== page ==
For disinfection, diluted household bleach solutions, alcohol solutions with at least 70% alcohol, and most common EPA-registered household disinfectants should be effective. Diluted household bleach solutions can be used if appropriate for the surface. Follow manufacturer’s instructions for application and proper ventilation. Check to ensure the product is not past its expiration date. Never mix household bleach with ammonia or any other cleanser. Unexpired household bleach will be effective against coronaviruses when properly diluted. --Source: CDC
Can the coronavirus be transmitted through our pets?
The Illinois College of Veterinary Medicine writes that “At this time, experts believe it is very unlikely. The World Health Organization currently advises that there is no evidence to suggest that dogs or cats can be infected with the new coronavirus. The CDC also seconds that opinion, stating that, “At this time, there is no evidence that companion animals including pets can spread COVID-19.” --Source: College of Veterinary Medicine at the University of Illinois/CDC
March 11, 2020
Can I get the coronavirus from food?
The USDA says that they are unaware of any cases of coronavirus being spread via food or food packaging. They also said that they are not aware of any meat being contaminated by coronavirus.
If I do not have healthcare, and suspect that I may have coronavirus, what should I do?
According to Harvard Medical School, if you do not have a doctor and you are concerned that you or your child may have coronavirus, contact your local board of health. They can direct you to the best place for evaluation and treatment in your area.
The Contra Costa County Board of Health recommends that uninsured people who suspect they may have coronavirus call their advice nurse at (877)-661-6230. A support member on the advice nurse line said that after assessing callers for contact with infected people, or travel to and from impacted countries like China and Iran, and symptoms, they might recommend people go to the emergency room.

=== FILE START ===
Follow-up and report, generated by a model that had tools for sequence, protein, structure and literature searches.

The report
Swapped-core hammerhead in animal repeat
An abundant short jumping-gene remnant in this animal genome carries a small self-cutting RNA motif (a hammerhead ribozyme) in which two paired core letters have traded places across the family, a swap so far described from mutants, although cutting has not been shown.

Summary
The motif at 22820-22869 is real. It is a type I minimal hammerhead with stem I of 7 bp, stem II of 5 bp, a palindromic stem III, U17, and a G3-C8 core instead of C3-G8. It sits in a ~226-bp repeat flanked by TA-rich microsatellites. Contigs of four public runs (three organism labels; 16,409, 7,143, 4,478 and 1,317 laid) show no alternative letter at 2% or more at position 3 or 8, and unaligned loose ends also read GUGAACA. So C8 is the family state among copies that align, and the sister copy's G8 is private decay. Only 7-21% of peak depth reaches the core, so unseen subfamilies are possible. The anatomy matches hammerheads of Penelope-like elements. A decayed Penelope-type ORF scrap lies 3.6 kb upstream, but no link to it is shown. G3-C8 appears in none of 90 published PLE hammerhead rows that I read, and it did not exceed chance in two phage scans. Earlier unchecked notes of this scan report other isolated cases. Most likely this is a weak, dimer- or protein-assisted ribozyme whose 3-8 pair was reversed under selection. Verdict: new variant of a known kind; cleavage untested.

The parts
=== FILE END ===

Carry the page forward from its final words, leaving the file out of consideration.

Harvard Medical School says that only people with symptoms of severe respiratory illness should seek medical care in the ER. Severe symptoms are rapid heart rate, low blood pressure, high or very low temperatures, confusion, trouble breathing, severe dehydration. Call ahead to tell the ER that you are coming so they can be prepared for your arrival.
March 10, 2020
Viewer Bob asked about whether water temperature matters when it comes to washing hands to prevent the spread of coronavirus.
According to the CDC, warm or cold water works, as long as you use soap. They cite 5 steps to proper handwashing technique:
1) Wet your hands with clean, running water (warm or cold), turn off the tap, and apply soap.
2) Lather your hands by rubbing them together with the soap. Lather the backs of your hands, between your fingers, and under your nails.
3) Scrub your hands for at least 20 seconds. Need a timer? Hum the “Happy Birthday” song from beginning to end twice.
4) Rinse your hands well under clean, running water.
5) Dry your hands using a clean towel or air dry them.
If you can’t access soap and running water, they recommend using hand sanitizer.